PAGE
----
Groundwork Ohio also benefited from Dr. Osborne’s appearance at a series of key meetings with legislative leadership. In November, PN-3 hosted six state teams for a three-day policy academy on paid family leave. A Better Balance and other national organizations participated.
4. Good evidence can drive good policy. Advocacy Groups like Groundwork Ohio make strategy decisions at least in part on the evidence available regarding what to fund and how much to invest. “They need this data to make their case,” Osborne says.
Recent advances in state support for birth doula services are a prime example: 30 states have introduced legislation to better support doulas, which had passed in 14 states. More than a dozen states are using Medicaid to reimburse doulas for their services, while others are supporting doulas through credentialing and training.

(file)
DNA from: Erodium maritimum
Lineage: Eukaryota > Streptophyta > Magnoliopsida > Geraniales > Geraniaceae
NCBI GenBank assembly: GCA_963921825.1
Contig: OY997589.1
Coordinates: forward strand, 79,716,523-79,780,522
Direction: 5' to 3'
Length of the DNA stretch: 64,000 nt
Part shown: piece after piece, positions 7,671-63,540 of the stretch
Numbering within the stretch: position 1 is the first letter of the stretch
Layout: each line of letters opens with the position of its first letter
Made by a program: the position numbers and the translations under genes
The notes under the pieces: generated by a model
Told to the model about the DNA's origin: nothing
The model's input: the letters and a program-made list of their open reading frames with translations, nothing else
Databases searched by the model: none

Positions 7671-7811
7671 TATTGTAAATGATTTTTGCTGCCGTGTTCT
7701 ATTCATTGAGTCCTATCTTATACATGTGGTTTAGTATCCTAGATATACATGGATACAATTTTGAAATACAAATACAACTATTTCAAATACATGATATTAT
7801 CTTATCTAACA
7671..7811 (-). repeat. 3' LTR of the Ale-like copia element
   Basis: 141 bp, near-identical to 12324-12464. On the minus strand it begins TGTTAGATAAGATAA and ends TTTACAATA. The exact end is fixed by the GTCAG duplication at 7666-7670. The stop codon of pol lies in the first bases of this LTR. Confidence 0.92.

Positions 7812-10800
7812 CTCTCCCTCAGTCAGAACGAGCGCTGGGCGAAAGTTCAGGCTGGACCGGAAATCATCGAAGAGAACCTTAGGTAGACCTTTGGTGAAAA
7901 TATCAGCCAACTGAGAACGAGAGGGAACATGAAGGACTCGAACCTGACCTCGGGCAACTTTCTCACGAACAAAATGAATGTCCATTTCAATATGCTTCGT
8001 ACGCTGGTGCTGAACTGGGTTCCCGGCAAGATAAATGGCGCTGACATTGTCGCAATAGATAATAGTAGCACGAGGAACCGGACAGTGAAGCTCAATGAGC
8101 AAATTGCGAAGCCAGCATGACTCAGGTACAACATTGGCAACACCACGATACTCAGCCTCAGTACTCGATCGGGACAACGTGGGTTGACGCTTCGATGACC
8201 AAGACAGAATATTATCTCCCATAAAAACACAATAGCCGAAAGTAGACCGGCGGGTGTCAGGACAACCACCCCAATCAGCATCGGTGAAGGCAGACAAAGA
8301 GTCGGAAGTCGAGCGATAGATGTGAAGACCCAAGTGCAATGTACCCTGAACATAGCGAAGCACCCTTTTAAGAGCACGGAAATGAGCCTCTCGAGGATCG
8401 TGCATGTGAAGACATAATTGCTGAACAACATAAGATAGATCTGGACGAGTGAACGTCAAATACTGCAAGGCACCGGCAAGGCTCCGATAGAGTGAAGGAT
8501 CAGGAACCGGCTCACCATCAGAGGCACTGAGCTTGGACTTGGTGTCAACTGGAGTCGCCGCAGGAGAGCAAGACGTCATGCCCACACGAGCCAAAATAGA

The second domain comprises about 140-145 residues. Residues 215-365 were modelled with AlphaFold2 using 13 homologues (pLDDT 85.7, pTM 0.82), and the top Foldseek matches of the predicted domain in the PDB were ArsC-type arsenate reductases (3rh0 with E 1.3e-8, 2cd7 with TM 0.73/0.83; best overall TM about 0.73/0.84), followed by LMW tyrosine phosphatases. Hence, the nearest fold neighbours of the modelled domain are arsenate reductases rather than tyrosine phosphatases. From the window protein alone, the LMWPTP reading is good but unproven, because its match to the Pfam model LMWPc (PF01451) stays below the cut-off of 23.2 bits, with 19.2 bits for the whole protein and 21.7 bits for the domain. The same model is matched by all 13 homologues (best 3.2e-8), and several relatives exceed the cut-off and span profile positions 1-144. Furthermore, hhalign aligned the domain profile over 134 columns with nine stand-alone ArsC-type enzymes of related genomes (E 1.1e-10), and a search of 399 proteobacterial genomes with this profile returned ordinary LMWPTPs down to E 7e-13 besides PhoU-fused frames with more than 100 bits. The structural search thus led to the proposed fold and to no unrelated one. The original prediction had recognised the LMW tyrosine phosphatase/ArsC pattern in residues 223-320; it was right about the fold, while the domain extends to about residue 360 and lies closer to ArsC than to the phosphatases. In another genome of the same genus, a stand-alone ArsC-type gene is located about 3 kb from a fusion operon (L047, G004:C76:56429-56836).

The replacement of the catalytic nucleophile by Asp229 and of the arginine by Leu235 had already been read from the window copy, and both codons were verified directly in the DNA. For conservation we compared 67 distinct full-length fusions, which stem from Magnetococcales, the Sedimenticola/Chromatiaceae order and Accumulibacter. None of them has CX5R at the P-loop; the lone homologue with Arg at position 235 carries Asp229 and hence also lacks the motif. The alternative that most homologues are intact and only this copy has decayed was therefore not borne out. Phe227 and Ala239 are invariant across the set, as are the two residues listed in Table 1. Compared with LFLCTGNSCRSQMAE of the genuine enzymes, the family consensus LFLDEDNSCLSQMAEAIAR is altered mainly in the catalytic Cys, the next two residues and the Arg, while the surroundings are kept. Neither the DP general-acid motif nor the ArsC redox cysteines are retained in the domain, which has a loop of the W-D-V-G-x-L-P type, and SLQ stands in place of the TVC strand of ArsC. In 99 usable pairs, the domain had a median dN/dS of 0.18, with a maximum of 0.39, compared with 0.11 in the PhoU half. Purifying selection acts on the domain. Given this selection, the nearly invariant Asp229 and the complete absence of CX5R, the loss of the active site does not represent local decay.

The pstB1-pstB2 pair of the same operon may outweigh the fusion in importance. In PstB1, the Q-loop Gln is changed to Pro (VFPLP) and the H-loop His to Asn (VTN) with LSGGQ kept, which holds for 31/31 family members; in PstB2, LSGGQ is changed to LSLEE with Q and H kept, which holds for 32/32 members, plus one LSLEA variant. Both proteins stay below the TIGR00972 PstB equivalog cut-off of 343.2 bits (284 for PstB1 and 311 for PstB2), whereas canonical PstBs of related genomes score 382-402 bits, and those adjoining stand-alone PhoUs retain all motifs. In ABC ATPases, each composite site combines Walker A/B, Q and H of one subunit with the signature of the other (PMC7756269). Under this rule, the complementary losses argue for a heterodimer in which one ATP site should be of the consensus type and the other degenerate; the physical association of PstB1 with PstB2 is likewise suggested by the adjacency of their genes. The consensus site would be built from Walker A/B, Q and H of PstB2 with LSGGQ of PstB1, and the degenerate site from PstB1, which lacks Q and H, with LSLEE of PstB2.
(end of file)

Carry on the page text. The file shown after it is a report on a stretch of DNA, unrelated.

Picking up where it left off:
Paid family leave policies, tax credits and minimum wage increases also proliferated this year. At the same time, Osborne acknowledges that the best policy does not always win. “There are lots of other reasons why people enact policies or don’t that are not necessarily based on the evidence.” And that’s why Groundwork Ohio deploys a range of strategies beyond policy analysis.
5. PN-3 resources complement the lived experience of real people.
Earlier this year, Rebekah Johnson of the Groundwork Ohio Family Action Network told her personal story to the Ohio House of Representatives. (In the photo, you’ll see baby Xoie tucked into her sweater.) After noting that her husband makes $17 per hour as a manager at Pizza Hut, she testified: